Once upon a time, I had a brother. He was older, bigger, wiser, more daring, more passionate, better spoken, and much better looking. He traveled farther away from home than I ever imagined I would. I admired him. I was nineteen when he died, a sophomore in college. Now I am in my midthirties. I have some memories of my brother, but not as many as I'd like to think. And each time I check, I seem to have one fewer. If at first I found it hard to believe that David was dead, now I find it hard to believe that he ever lived. David's life has come to seem like a story I made up, a fairy tale, no more real than words on a page. I sometimes find it dispiriting to think that this is what a life comes to, that this is how it ends. But I can imagine David smiling about it. Words were his life. And now the words he left behind would be more vital than ever.
David was a writer. In the years before he died, he was working on something big and, at least to me, mysterious. He wrote night and day, filling dozens of spiral notebooks with his fevered thoughts and phantasmagorical dreams. For a time, he told people he was trying to write down every thought that had ever occurred to him. When he slept it was on the floor, surrounded by books and papers. He renounced beds. Later, he swore off banks, keeping his money thoroughly liquid-a wad of cash tucked inside the pages of a book called The Irrational Man. This was David: He played out every idea to the end.
One day David left home. He left the country. He said he had to go, but beyond his initial destination he didn't know where, and he didn't know when he would be back. He was twenty-five. He pledged not to return until he had written something substantial or until he had otherwise settled the question of his future as a writer. Before he left, David copied into his notebook a passage from the novelist Thomas Wolfe about the extraordinary troubles Wolfe had with an early novel:
I had been sustained by that delightful illusion of success which we all have when we dream about the books we are going to write instead of actually doing them. Now I was face to face with it, and suddenly I realized that I had committed my life and my integrity so irrevocably to this struggle that I must conquer now or be destroyed.
We know this story: A boy heads off into the wild to kill a bear, and he returns to the village a man. But in this case, the boy did not come back. A newspaper feature called this "A Tragic Twist on a Young Writer's Life." According to the article, David carried a manuscript with him onto Pan Am Flight 103, the draft of a brilliant first novel finally on its way to expectant American publishers. But the novel was presumed lost in the wreckage, loose pages of it spread across Scotland along with seat cushions and insulation and other bits of the disintegrating 747. Coming-of-age stories usually end with some obstacles being overcome and the way ahead finally clear. But this one seemed to have ended, at least in part-at least for David-at the bottom of the North Sea with the rest of the lightest debris from Flight 103.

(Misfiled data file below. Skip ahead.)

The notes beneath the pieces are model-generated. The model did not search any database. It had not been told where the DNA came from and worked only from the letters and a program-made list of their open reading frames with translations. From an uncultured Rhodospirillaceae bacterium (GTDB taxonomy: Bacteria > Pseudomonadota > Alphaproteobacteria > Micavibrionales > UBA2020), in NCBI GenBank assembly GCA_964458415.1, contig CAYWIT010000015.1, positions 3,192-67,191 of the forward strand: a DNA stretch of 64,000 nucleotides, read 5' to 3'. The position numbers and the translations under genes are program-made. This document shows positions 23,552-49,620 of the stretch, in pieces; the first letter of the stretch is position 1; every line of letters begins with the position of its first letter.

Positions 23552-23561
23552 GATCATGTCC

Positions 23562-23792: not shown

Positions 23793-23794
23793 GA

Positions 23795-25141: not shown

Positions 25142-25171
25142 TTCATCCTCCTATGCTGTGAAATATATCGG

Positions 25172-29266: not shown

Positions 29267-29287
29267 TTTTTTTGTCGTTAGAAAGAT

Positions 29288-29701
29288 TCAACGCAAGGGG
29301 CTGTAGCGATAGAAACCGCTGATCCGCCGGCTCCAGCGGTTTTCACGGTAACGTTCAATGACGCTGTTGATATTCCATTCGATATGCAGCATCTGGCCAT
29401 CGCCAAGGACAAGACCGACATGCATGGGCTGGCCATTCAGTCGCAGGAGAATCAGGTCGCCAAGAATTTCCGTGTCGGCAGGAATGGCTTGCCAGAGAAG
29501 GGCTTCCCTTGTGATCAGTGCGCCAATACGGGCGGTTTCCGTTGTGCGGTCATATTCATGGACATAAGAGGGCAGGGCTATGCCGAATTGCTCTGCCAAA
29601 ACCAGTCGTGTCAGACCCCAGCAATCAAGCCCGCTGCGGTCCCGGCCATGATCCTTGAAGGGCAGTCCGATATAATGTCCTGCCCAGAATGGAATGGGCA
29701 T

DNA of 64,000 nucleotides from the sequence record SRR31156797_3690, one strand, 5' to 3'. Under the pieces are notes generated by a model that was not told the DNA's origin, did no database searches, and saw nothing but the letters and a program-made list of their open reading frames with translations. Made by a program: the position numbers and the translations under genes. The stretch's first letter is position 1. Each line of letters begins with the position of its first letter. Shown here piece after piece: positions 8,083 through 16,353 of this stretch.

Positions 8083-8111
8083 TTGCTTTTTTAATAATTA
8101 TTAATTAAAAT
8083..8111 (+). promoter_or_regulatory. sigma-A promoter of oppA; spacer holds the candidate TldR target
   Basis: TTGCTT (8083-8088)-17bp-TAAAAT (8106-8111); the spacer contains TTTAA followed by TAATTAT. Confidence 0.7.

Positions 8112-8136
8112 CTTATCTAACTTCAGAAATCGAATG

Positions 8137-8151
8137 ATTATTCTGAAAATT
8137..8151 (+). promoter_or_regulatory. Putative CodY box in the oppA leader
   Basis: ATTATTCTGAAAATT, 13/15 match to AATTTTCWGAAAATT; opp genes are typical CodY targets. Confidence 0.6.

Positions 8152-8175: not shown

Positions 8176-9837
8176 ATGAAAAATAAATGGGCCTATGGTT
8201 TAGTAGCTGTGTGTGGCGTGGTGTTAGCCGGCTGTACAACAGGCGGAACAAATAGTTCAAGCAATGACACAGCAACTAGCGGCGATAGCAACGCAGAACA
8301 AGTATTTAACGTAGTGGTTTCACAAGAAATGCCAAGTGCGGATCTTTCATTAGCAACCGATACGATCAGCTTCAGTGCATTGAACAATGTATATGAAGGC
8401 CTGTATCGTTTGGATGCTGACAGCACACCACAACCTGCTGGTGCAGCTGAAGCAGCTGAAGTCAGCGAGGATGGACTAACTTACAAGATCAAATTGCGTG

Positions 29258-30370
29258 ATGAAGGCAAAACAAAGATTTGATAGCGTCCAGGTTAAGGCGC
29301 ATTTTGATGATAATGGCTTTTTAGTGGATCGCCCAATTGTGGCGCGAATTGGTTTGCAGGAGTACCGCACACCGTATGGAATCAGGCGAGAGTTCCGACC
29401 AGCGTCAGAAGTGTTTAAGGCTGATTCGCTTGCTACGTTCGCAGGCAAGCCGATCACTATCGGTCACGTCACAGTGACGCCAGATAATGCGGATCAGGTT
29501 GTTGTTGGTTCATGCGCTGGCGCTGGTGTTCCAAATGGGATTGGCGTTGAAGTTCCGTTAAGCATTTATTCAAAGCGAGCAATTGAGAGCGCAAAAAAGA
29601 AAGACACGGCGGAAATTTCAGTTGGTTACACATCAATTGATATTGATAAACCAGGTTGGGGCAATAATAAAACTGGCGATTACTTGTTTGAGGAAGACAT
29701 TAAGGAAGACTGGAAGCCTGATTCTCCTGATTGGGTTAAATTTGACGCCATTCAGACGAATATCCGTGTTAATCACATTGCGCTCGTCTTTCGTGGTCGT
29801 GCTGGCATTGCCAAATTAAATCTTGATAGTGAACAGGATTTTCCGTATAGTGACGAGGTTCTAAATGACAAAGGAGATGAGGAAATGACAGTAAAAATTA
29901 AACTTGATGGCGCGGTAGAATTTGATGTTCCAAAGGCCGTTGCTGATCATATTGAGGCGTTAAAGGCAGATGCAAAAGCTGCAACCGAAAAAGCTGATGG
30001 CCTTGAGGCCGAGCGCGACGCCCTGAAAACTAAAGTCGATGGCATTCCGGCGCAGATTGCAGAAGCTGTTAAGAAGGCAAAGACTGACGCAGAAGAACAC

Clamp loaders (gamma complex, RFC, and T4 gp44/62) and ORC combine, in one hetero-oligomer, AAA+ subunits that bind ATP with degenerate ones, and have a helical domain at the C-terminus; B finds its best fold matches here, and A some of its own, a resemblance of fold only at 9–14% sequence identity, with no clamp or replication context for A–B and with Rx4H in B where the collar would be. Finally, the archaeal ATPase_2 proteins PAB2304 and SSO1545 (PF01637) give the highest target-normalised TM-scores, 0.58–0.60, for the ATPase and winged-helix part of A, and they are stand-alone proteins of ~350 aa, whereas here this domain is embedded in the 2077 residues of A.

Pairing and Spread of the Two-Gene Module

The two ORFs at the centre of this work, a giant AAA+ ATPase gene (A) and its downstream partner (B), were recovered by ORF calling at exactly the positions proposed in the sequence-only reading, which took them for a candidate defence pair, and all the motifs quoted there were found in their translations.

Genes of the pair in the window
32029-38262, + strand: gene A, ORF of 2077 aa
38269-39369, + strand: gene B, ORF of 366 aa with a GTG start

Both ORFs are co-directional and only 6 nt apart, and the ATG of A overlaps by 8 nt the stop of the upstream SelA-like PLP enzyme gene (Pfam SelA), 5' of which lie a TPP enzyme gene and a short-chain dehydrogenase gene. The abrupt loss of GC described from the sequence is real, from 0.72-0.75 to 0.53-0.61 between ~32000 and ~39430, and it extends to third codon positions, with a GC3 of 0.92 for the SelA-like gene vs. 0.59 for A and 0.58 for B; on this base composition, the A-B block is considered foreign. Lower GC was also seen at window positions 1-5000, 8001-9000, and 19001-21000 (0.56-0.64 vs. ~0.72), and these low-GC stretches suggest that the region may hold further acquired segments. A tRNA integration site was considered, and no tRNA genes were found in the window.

Was the "Tragic Twist" story true? I didn't know. I remember meeting David's best friend, Billy, a month or so after the bombing and talking to him about what we should do with David's writings. Even if there were no novel to publish, I argued that we could put together an edited collection of some kind. David had filled a giant cardboard box with his notebooks and manuscripts. He labeled it in thick Magic Marker: the dave archives. I told Billy that there must be material in there for several books. I remember thinking we needed to strike fast, while the world still cared about the people on Flight 103, but Billy and I never formed anything like a plan.
David's papers sat unread for a long time. At one point, I decided to catalog them. I ordered the notebooks chronologically and straightened them on a shelf. I sorted loose typescripts into color-coded files. I was careful to read only enough of each thing to fix a label to it: fiction, poetry, plays, letters, etc. I told myself it was too sad to read these pages, too difficult, too soon, too much, but my reasons were much simpler. I feared what David himself had feared: that what was inside those notebooks, what was typewritten on all of those loose sheets, was not good enough to justify all of the big noises he'd made about it. I feared that the grand plan had never been realized and that David had hidden this fact from himself in a mass of paper. I feared page after page of throat-clearing about a book that David would forever be on the verge of writing. Wasn't the "Tragic Twist" story a much better way to leave things?
Excerpted from The Boy Who Fell Out of the Sky by Ken Dornstein Excerpted by permission.
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Posted November 29, 2008